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Telling Where People Come From


  11:43:43 pm, by Nimble   , 1052 words  
Categories: Thoughts, Languages, People

Telling Where People Come From

I've always had an interest in spoken languages. We boarded foreign students to help make ends meet once upon a very long time ago, so I got exposed to quite a few people whose first language was not English. I thought it was the most fascinating thing ever. My maternal grandpa, bless his heart, gave me two phrase books for my ninth birthday, Collins German and Collins Spanish.

That said, I can't really claim fluency in any of the languages I've studied, really. I've got enough of a lot of different languages to know the alphabets, some fundamental grammar, and to know how they work. A lot of the pronunciation errors that people make in English can be directly traced back to pronunciation rules or lacks of particular combinations in peoples' native tongues. Sometimes you can use these to trace where someone comes from, even if just in general. Sometimes you can look for clues if you hear them speaking their native language.

Let me give you a few samplings...

English accents

Arabia in general: Arabic lacks the letter p. This is no guarantee of identification, but if whoever you are speaking to keeps saying a b sound instead of a p sound, their native tongue might be Arabic. I identified a nifty PhD guy we met just last week this way; turned out he was from Libya.

China, south: Chinese languages in general are restricted in the kind of sound combinations that can be made. A general feature of the southern dialects is that they do allow t, p, and k sounds on the end of a syllable, but they are "violently cut off". Say "pop" but hold your lips entirely shut when saying the second p. This isn't a surefire identification, because some other South Asian languages do similar things. Consonant blends, that is, where you have two consonants in a row, are also troublesome. They are likely to say "ben" instead of "blends" :) When trying to say "think" (the "th" sound is hard to make), it seems to come out as "ting" or "tingk" (with a cut-off k).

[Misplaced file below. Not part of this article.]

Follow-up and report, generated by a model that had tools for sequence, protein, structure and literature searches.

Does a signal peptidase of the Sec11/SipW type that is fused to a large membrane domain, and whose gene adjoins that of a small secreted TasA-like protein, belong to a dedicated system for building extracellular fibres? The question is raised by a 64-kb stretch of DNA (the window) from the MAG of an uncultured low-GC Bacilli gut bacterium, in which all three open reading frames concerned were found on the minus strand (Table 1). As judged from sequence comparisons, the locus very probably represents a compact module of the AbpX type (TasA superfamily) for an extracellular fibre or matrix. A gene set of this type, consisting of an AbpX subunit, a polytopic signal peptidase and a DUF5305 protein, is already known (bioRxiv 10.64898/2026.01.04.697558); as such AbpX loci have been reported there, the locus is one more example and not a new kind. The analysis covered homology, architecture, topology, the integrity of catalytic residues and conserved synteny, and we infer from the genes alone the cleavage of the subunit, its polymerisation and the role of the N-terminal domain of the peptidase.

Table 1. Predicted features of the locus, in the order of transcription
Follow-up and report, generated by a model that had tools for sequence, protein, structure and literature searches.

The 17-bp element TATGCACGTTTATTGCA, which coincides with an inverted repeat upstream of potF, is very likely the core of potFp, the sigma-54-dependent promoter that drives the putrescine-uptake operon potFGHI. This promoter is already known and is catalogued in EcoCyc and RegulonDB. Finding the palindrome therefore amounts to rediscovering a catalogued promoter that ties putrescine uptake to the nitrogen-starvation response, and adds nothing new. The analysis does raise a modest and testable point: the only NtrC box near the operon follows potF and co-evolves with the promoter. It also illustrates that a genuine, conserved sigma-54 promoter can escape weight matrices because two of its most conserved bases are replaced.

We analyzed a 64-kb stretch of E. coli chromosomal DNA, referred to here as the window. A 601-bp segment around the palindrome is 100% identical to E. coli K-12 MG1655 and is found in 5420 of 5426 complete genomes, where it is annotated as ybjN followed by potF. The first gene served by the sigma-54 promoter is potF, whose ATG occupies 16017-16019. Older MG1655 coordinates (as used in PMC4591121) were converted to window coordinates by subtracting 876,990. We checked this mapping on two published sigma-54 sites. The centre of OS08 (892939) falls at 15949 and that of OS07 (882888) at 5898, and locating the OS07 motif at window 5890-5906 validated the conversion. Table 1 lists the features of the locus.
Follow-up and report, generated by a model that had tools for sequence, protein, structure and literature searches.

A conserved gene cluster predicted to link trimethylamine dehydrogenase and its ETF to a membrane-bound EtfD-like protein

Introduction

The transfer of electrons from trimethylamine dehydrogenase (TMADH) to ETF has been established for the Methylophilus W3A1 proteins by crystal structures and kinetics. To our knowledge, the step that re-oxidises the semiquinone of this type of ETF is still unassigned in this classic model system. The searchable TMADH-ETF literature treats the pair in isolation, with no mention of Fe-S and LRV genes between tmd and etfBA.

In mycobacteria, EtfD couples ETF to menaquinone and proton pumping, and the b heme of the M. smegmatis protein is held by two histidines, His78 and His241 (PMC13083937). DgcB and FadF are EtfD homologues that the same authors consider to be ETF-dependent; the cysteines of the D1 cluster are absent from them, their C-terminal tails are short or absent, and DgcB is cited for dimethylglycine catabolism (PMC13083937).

China, north: Chinese in the north does not have any consonants on the end of words except for n, m, ng. So no violent sound cutoffs. That said, they seem to 'try harder' and speak more carefully, even though they should have more trouble with English than south Chinese because the rules are more restrictive. Still, there are often numerous giveaways. They tend to say "w" or "oo" instead of "l" if l is combined with anything. For example, "told" will often come out "toe-ood" (or "toad"). The "v" sound is often said as "w" instead. 'Th' seems to come out as 's' instead of 't', so "think" will often come out as "sing".